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Husband Is Giving Dawah All the Time; What About Our Children?

27 June, 2023
Q Assalamu Alaikum. I need some advice on how to handle our current situation. My husband is part of a dawah team and he goes out every Saturday to give dawah and Subhan Allah also gives training. This past weekend he was busy from Friday. He did dawah on Friday, Saturday and Sunday and I asked him to please give the kids some time as they hardly get to spend time with their dad due to his hectic schedule. So, he promised to spend Monday with them but that never happened. On Monday he told me he had to drop some items off for some of his dawah brothers and he did not return until half an hour before iftar time. He said he got caught up in a discussion about Islam with a non-Muslim gentleman.

I understand his passion and I love him even more for it but it’s upsetting to see my daughter refusing to go to her father and see my son getting distressed whenever his father leaves. They're too young to understand that their dad does this for Allah. And this isn't the first instance. It's happened many times. How should I tackle this because I am feeling angry and extremely frustrated with him and I refused to talk to him because I was afraid of saying something hurtful out of anger.


Islam is about balance. We are required to find the middle path and not go to extremes, even in our worship.

Those who are involved in dawah or other Islamic activities still need to take care of their responsibilities and spend time with their families and children.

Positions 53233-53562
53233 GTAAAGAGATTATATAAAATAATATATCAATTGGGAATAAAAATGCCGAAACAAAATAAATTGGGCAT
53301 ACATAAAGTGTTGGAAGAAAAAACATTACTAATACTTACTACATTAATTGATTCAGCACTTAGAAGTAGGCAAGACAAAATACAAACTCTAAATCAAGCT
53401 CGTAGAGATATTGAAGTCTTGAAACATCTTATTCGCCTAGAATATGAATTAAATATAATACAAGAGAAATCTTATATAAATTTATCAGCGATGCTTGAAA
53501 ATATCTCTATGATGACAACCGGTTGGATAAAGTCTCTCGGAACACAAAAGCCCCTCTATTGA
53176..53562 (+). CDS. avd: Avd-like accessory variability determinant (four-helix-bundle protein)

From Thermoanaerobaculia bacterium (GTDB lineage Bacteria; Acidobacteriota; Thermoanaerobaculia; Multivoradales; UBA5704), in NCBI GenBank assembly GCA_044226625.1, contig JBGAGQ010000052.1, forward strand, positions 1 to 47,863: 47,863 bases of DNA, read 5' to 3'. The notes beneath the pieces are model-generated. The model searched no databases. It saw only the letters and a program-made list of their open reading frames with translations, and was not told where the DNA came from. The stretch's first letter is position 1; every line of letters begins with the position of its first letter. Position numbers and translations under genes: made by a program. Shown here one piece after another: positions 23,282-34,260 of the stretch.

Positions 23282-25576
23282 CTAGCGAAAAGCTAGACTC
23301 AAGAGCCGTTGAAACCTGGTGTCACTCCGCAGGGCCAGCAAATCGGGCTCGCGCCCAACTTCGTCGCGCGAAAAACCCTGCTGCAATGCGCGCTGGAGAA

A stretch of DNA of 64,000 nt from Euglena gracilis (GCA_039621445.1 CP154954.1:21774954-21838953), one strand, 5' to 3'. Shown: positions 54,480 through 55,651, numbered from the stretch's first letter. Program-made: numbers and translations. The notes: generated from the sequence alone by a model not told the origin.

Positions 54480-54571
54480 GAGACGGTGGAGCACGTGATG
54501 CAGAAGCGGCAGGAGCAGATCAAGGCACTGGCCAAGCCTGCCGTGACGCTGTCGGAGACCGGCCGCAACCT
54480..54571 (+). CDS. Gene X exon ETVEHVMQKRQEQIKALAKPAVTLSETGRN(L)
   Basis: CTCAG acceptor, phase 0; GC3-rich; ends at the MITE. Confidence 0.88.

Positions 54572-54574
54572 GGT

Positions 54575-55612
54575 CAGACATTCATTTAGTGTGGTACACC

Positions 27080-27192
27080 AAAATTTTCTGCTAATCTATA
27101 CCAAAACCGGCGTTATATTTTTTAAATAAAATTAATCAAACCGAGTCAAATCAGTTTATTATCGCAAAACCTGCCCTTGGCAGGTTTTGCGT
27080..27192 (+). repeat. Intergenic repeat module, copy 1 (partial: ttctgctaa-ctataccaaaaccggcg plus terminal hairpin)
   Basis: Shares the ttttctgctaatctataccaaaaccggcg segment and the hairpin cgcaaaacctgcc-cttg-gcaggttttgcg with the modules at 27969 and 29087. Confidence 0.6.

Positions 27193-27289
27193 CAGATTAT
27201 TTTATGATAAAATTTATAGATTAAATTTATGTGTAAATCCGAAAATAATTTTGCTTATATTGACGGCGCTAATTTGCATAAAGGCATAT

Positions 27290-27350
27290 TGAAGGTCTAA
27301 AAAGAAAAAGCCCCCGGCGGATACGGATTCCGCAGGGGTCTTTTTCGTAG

This is part of the Islamic duty of Muslim parents.

If you feel that your husband is not involved enough with his kids, talk to him.

Let him know that you appreciate his dawah efforts. Ask him to let his children also benefit more from his good character and knowledge.

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How do you approach your spouse? Check out the advice here.

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About Aisha Mohammad
Aisha has a PhD in psychology, an MS in public health and a PsyD. Aisha worked as a Counselor/Psychologist for 12 years at Geneva B. Scruggs Community Health Care Center in New York. She has worked with clients with mental health issues such as anxiety, depression, panic disorder, trauma, and OCD. She also facilitated support groups and provided specialized services for victims of domestic violence, HIV positive individuals, as well youth/teen issues. Aisha is certified in Mindfulness, Trauma Informed Care, Behavioral Management, Restorative Justice/ Healing Circles, Conflict Resolution, Mediation, and Confidentiality & Security. Aisha is also a Certified Life Coach, and Relationship Workshop facilitator. Aisha has a part-time Life Coaching practice in which she integrates the educational concepts of stress reduction, mindfulness, introspection, empowerment, self love and acceptance and spirituality to create a holistic healing journey for clients. Aisha is also a part of several organizations that advocates for prisoner rights/reentry, social & food justice, as well as advocating for an end to oppression & racism. In her spare time, Aisha enjoys her family, photography, nature, martial arts classes, Islamic studies, volunteering/charity work, as well as working on her book and spoken word projects.